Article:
My Turn, Ann Bourque: Sting of shooting a long way from mending

Published 7:26 am Sunday, January 2, 2022

By Ann Bourque

I am writing this letter in the aftermath of the Christmas basketball tournament shooting that took place at Catawba College on Dec. 29.

My husband has worked at that tournament for over 20 years, and he has seen a wide variety of strange things take place during that time, but never — ever — did he think that he would witness a shooting take place directly in front of him. But that is exactly what happened Wednesday night.

Earlier in the evening, I decided to go to Catawba to spend some time with him, since it is a long, three-day tournament and I would not get to see him much during that time. I sat with him in the lobby of Goodman gymnasium and watched the various people come and go.

The first thing I noticed was that there were no metal detectors to scan everyone entering the building. I even mentioned this to one of the security officers who was on duty. This was shocking to me, considering the escalating rate of gun violence in our community. It just didn’t make sense to me that at an event that would bring together so many high schools where there has been conflict in one form or another they would not have considered metal detectors a priority. And yet, an hour after I left, I got the phone call that no one wants to receive: “There has been a shooting, two people have been hit, but I am OK.”

After that phone call, I don’t remember much because it all seemed surreal … “there has been a shooting, two people have been hit, but I am OK.” In the hours that passed, I sat alone in our house, waiting for my husband’s headlights to hit the driveway, the only indication that I would receive to know that he was truly safe.

During those long and frightening hours, I was tasked with calling our three adult children who had gone back to their homes after Christmas: “There has been a shooting at Catawba, but your father is OK.” Shock, fear, and disbelief came back to me in the form of phone calls and texts filled with emotion and anger. How could this happen? Why did this happen? This is not supposed to happen!

Sadly, this did happen, and it could have been prevented. Metal detectors could have been put in place to protect all who attended the Christmas tournament, but there were none.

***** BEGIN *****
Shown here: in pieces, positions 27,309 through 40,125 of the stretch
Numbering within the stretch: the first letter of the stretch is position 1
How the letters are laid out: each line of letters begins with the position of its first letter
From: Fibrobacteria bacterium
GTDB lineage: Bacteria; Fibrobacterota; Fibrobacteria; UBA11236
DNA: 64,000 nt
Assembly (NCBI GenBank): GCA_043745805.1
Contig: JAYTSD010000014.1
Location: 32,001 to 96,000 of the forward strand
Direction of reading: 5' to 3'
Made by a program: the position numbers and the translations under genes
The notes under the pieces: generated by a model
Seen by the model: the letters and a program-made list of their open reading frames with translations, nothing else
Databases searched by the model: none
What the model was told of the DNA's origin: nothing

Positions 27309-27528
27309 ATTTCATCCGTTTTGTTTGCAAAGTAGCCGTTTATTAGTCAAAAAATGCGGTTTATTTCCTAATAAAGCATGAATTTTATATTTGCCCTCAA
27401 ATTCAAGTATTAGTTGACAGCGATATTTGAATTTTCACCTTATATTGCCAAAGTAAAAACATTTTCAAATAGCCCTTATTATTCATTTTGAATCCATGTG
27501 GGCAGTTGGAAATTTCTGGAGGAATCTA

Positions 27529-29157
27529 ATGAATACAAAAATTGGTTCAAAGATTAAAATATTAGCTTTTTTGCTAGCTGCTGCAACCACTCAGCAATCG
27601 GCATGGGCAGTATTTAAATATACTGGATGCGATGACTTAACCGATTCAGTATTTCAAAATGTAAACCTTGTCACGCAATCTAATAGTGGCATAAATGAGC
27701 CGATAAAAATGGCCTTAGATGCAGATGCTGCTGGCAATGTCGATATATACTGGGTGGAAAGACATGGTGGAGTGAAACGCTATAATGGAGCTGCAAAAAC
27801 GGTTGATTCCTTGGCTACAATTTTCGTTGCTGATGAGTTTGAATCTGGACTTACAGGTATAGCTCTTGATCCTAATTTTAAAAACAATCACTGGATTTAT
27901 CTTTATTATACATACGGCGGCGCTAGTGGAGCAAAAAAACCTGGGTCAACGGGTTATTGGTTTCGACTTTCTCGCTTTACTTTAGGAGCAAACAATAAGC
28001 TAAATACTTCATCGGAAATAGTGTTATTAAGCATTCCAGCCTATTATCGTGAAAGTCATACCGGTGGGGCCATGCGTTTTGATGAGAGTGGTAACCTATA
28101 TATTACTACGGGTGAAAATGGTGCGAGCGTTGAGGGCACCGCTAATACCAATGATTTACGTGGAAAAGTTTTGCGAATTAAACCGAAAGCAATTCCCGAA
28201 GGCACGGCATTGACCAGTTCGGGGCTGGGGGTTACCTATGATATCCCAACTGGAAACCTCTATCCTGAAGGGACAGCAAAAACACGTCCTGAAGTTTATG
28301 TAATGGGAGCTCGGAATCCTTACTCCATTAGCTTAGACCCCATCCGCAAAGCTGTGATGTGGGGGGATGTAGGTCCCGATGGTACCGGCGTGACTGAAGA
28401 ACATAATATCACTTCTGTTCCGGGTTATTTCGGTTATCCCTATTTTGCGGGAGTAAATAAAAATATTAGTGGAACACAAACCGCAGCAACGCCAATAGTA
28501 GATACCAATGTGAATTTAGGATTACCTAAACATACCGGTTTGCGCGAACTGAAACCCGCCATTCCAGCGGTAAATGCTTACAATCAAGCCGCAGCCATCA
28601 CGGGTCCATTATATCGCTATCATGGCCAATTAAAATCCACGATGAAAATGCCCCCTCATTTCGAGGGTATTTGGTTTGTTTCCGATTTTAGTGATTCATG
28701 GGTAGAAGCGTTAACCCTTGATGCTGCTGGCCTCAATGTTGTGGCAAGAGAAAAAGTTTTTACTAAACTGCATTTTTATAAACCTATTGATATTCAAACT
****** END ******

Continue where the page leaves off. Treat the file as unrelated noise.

By the grace of God, my husband’s first instincts were to  grab three kids and one adult who were close to him as the shots were fired, and he threw them under the kiosk desk as the shots rang out. He then threw himself on top of them for protection. This is an image that I cannot shake from my mind — as a result of listening to him try to process the horror that unfolded in front of him and hundreds of others last night.

Gun violence is real and it is present. Guns and gun violence have permeated the doors and walls of our schools, and no one is safe anymore. Our community is in pain. Our schools are in pain. Our children are in pain and something needs to be done immediately! No one else needs to die at the hands of an adult or a child due to their easy access to guns. This is an overarching, systemic problem that needs attention now! We, as a community, have much to heal from. We are broken and we need help.

Writing this hurts on so many levels, but I am too upset to not speak up. These are all of our people out there. They are your children, they are my children, they are your husbands, wives, fathers, mothers, sisters, brothers and cousins. These are your friends and co-workers. These are your neighbors and colleagues. We are all at risk and no one should have to suffer anymore. We need to cling to this problem and not let go until something substantial has been done to rectify it in our community. My heart breaks for everyone who witnessed the horror of the Catawba shooting as well as for those who were injured in this senseless crime. Sadly, the sting of this event is going to last a very long time, and for some the pain will be inscribed in their memories for a lifetime.

In closing, I leave you with the words of a singer/songwriter friend of mine, Ike Reilly, from his song Trick of the Light: “They say that time will heal most anything, but there are some wounds that won’t ever mend.”

The wounds of Dec. 29 are a long way from mending.

Ann Bourque lives in Salisbury.